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Peter StocklandThere’s something quasi quaint about the federal government introducing legislation to legalize marijuana.

News reporting on the budding bill has generously employed terrible puns to create a sense of giggling excitement about it. A Canadian Press story advised that all of Ottawa is “buzzing” at the audacity that dope represents.

Buzzing? Among the permanently buzzed, perhaps. Clearer eyes can’t help recognizing the stale nature of the gesture, like watching poor old drunken Uncle Boo being shuffled into a cab long after the other guests have left the party.

It is, after all, 2017. Once, pot smoking smelled like teen spirit. It epitomized adolescent rebellion – and perhaps still does in the congestive hearts of middle-aged balding men with ponytails.

Today, the fiscally conservative C.D. Howe Institute issued a report advising Ottawa on taxation and regulatory approaches for an effective federal-provincial marijuana distribution model.

C.D. Howe estimates pot taxation will raise $675 million for federal and provincial governments in the first year. That’s chump change as government spending goes but upping the tax ante, the institute warns, risks driving pot buyers to the black market – as happened when governments tried to curb tobacco smoking through tax disincentives.

Yes. Dope talk is now primarily tax talk. Yesterday’s easy riders have become our forward financial planners.

Still, the legalization of marijuana involves more than a token paradox. It seeded the ground for every cause that came later by raising the question of whether criminal law is the proper means to communicate a nation’s, a society’s, a culture’s moral sensibility. Somehow, all the other liberalizing agenda items of the last generations leapfrogged it into legality. Why?

Perhaps smoking pot seemed too trivial. What chance did it have as a pressing and urgent issue against a weighty later-comer such as the the decision to kill people in public hospitals, or the ideal of having young boys and girls surgically contort themselves into the other sex?

Maybe it was our collective sense that legalizing marijuana really does finalize what the British journalist Malcolm Muggeridge called “the great liberal death wish.” Did we intuit that it embodies what Pope John Paul II called “the culture of death” in a way more grievous, if that’s possible, than every other aspect of progressive destruction?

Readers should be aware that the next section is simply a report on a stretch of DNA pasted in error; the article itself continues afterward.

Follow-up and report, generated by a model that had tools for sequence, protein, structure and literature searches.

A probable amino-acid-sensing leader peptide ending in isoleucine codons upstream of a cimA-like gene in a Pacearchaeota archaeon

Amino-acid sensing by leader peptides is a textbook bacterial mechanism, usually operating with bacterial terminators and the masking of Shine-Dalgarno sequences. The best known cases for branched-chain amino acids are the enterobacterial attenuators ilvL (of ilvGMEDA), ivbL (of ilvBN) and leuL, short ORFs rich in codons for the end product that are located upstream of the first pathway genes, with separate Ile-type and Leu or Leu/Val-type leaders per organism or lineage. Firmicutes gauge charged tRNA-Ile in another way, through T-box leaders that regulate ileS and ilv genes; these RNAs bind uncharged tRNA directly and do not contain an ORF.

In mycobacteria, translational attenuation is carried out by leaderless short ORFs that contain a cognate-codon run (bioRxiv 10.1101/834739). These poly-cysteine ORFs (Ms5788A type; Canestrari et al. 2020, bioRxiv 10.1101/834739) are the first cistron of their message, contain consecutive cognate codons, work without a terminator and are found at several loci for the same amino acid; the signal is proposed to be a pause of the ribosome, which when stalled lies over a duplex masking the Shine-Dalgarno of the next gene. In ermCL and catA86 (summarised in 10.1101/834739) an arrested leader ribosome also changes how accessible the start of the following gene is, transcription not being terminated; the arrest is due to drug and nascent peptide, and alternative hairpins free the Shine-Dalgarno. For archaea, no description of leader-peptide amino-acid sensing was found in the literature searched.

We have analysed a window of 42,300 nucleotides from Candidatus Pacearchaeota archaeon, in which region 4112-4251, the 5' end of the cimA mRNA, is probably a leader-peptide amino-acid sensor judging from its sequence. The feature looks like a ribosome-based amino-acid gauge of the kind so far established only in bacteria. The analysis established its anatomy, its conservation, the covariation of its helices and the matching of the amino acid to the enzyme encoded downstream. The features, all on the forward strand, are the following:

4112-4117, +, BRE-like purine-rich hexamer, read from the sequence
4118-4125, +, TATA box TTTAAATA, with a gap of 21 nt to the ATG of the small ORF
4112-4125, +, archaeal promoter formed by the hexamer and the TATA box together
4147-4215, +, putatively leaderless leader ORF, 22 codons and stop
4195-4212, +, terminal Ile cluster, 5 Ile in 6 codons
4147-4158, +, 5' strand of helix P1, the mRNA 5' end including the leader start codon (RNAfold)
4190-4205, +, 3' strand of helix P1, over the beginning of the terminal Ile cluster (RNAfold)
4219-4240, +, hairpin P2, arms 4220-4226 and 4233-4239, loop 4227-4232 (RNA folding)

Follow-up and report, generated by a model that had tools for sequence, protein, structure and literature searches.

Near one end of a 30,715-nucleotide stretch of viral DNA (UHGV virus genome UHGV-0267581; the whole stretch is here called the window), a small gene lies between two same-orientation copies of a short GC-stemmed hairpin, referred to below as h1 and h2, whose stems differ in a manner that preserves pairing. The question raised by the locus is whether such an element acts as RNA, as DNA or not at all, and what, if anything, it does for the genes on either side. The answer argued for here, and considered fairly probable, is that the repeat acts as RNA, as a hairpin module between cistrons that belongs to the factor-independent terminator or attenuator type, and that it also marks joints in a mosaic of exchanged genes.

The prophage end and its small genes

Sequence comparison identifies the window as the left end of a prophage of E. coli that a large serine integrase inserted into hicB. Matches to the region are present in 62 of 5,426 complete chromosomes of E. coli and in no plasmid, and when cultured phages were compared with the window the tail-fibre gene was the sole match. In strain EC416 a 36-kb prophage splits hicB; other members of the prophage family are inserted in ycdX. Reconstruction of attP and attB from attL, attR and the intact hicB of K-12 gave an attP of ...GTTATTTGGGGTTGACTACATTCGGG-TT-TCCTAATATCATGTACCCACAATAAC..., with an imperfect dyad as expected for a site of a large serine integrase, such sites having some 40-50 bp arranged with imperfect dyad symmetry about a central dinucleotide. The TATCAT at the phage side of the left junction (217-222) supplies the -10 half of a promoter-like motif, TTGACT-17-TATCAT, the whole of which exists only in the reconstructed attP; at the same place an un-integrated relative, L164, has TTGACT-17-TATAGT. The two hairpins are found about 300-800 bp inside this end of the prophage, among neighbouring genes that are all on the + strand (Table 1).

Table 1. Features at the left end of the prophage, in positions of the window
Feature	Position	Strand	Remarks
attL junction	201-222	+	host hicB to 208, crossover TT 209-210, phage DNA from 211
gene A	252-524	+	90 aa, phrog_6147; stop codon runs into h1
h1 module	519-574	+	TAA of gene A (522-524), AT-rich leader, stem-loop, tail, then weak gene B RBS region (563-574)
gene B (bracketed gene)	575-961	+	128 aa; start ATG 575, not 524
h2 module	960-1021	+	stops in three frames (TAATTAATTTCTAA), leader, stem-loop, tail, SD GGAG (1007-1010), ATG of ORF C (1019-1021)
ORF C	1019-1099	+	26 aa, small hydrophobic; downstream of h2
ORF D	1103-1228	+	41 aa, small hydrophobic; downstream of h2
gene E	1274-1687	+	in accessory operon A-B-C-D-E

Progressive causes most often centre on some novel form of bodily obliteration, of course. But the real questions at the heart of the legalization debate set to unfold in Parliament are spiritual, not physical.

True, we will hear in coming days point-counterpoint about the pernicious – or not – effects of marijuana. Such data will be good for the debate, although whether it will do any good more broadly remains an open question.

The questions that truly need asking are these:

  • What is the need we have as a culture for the inescapable effect of ingesting marijuana?
  • What is the hole in our social hearts that it fills?
  • What void of human charity are we seeking to overcome by making it legal?

For, contrary to decades of marijuana proponent propaganda, it’s not a drug like alcohol or caffeine. It differs in its nature. The very purpose of pot is intoxication. It’s the deliberate clouding of reality; that is, of consciousness. It’s the separating of the self from an incarnate world of ordered love of neighbour.

It is possible, after all, to have a leisurely glass of wine with a meal without being poured, addled, into a taxi afterward. Outside the still highly debatable medical marijuana context, though, it’s not possible to recreationally ingest pot absent the intention of getting high. Something in our deepest hearts rebels against that deformation of the fully human.

We object to it not merely as a failure of individual choice or control. We resist the universal acceptance of spiritual negation it represents. Or at least we traditionally tried to do so, and too often failed, which is why we embedded in our criminal law the moral sensibility against it.

Soon, that last restraint will be gone. The great liberal death wish will be granted in full, stale-dated and quasi-quaint as it might seem.

Trust me, it will smell nothing like teen spirit.

Peter Stockland is senior writer with think-tank Cardus, and publisher of

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